DIY Roman Shades from Old Blinds

Looking to update a window treatment? Create a set of fun DIY Roman shades using old blinds by following this tutorial.

My kitchen is pretty boring, it’s nice, but kind of blah. Since my vision is to eventually paint the cabinets white and add some blue and green colored glass tile, which will make things brighter, but still not visually interesting.

I thought the windows would be the perfect spot for some pops of color, as well as a fun pattern. Enter the Roman Shade. I’ve been stalking Roman on Pinterest for quite awhile and when I stumbled onto this tutorial from 365 Days to Simplicity and some amazing fabric I decided it was time to make my own DIY Roman Shades. There was only one problem, my fabric was in the clearance bin and I needed 40 more inches to cover all three windows. But with such a geometric pattern I figured some solid color trim and a solid panel in the middle would be perfect to break up the fun, so I came home with my fun pattern and some solid green fabric.

The tutorial from 365 Days is for no-sew shades, but since I made a border for each shade I had to do some sewing to give myself nice clean lines. If you dont want a border, then you dont need to sew 🙂 

How to Make DIY Roman Shades

Now for the real tutorial. Start with a pair of blinds (whatever size fits your window) and lay them on the ground stretched all the way out. There are two cords on each side, one is thicker and straight, the other is thinner and looks similar to a ladder. Cut each “rung” of the ladder, but DO NOT cut the thick cord! You’ll need it to make the shades go up and down. Once the “ladder” cord is gone, remove the end caps on the bottom of the last slat and snip the knots. You can then remove the blinds themselves by sliding them off the end. Set the blinds aside for a bit while you work on the fabric. I had to sew hems for the front sides of my border fabric and then I attached them to the front with hem tape. Then I flipped the fabric over and folded it along the sides and attached it to the back with hem tape as well. If you aren’t making a border, then just fold a straight edge of fabric over and attach it with hem tape. Your fabric should be two inches wider than your blinds, hemmed, and about 5 inches longer, hemmed, than the height of the window (measured from the top of the blinds to the window sill). In the above picture, you can see that those extra 5 inches are at the top of the fabric. This it to make it easier to attach the fabric to the top of the blinds.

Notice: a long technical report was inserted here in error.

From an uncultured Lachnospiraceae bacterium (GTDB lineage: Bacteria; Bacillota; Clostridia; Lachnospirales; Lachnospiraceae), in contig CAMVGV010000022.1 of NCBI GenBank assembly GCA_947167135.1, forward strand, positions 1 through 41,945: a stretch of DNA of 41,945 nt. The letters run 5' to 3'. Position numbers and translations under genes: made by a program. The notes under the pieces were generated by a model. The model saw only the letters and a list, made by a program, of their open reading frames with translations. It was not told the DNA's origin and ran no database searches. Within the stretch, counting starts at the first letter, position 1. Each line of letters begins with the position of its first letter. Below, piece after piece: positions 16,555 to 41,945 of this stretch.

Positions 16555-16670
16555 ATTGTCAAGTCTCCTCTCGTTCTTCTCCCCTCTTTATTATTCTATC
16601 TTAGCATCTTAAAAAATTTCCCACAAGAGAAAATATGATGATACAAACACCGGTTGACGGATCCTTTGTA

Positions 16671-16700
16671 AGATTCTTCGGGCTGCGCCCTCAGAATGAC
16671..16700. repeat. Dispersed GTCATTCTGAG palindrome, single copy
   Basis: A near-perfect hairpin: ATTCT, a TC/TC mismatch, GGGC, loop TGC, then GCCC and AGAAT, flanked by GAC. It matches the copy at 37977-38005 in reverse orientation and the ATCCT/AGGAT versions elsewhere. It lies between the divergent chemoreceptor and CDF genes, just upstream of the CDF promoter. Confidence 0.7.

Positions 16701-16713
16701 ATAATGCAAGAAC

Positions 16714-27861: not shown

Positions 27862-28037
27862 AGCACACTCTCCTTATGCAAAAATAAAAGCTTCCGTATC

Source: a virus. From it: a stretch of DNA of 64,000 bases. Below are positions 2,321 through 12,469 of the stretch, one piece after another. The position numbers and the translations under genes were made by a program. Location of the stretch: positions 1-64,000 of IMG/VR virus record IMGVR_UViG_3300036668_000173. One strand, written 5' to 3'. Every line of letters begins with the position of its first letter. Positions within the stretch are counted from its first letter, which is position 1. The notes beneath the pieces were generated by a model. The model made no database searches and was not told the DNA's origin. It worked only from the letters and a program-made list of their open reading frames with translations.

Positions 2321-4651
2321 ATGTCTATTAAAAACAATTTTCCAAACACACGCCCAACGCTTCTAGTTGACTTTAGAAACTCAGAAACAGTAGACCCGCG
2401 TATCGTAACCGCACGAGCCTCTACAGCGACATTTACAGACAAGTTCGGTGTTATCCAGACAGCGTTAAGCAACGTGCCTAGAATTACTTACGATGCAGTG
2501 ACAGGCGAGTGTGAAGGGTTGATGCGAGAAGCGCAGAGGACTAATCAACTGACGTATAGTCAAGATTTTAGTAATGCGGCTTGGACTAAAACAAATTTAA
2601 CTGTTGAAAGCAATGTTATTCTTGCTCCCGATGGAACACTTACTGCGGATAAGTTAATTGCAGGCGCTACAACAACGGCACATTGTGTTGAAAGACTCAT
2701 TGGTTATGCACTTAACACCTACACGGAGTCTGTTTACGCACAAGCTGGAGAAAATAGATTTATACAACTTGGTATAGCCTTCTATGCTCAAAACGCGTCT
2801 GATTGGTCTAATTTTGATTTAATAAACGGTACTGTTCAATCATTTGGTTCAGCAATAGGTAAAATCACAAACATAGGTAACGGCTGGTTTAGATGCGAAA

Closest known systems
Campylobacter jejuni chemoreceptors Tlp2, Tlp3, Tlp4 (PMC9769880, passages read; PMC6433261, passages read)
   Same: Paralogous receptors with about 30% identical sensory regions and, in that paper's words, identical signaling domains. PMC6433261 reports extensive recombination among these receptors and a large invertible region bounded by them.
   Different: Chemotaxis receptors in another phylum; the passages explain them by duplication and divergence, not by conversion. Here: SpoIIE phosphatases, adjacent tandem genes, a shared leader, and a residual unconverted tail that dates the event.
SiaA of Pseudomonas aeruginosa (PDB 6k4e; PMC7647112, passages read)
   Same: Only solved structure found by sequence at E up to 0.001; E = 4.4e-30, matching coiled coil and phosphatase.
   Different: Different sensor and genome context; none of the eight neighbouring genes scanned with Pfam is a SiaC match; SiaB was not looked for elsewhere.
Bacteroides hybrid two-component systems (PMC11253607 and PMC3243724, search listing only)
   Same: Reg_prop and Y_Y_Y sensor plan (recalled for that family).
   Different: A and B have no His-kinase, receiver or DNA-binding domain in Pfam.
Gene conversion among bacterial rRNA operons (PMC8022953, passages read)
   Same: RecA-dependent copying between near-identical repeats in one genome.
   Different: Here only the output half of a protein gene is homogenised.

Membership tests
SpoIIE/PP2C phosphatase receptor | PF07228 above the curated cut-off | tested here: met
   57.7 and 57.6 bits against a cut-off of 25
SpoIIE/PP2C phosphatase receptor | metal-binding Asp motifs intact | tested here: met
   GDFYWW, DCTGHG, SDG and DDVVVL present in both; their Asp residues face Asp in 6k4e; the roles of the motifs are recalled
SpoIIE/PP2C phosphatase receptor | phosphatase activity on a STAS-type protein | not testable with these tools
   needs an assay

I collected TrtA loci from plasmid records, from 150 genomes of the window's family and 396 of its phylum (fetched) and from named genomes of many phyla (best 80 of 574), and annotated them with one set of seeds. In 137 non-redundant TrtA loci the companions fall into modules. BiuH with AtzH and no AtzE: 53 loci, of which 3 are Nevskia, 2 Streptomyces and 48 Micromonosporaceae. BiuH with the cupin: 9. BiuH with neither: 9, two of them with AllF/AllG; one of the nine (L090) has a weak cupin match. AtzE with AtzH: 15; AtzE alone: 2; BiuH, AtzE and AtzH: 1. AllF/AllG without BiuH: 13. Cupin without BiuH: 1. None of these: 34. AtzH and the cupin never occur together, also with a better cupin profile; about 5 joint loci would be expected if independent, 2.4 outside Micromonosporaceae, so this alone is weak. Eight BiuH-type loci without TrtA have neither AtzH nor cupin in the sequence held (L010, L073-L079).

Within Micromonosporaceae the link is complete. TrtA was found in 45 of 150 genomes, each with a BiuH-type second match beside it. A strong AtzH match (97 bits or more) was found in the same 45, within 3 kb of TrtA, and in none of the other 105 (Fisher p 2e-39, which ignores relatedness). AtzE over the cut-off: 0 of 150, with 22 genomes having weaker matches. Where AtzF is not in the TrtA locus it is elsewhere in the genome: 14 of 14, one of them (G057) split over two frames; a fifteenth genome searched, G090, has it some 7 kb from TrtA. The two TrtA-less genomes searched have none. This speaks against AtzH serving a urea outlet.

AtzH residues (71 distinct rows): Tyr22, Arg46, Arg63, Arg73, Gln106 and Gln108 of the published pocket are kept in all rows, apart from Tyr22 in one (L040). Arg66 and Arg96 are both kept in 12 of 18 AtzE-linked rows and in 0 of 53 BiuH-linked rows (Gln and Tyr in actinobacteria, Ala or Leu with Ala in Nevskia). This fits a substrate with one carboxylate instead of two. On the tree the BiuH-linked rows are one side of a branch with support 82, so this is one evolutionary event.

Stretch your blinds out on the floor and attach the fabric to the top piece of the blinds using hot glue. My blinds have sliders that keep them in place inside of plastic brackets on the wall, so I had to wrap my fabric around the top and glue it to the backside. Be careful and don’t glue the cords down or else your shades won’t move up and down!!

Using some heavyish (like a full beer bottle) to keep the top piece in place stretch out your fabric and your blinds. Decide how large you want your pleats (mine were too large at 6 inches, so I recommend 3 inches) and mark it on your fabric. This was easier with the geometric fabric because I had lines to follow!

Use fabric glue to attach the blinds to your fabric. I used Mod Podge fabric glue because I could paint it on with a foam brush. For extra hold I also hot glued the ends of each blind to the fabric. Pull everything relatively tight and attach the bottom piece using both fabric glue and hot glue. I also found it easier to wait and trim my cords after everything was in place. It kept everything much straighter and more even. Just make sure you thread the bottom piece with the cord BEFORE you glue the piece down! Let everything dry for several hours, then hang ’em up and admire your handy work! 🙂 I love the fun pop of color they give the kitchen and it makes my other uses of blue and green (the soap pump, sponge basket, and a few vases and bowls) more noticeable too. Yay for a color scheme working out!

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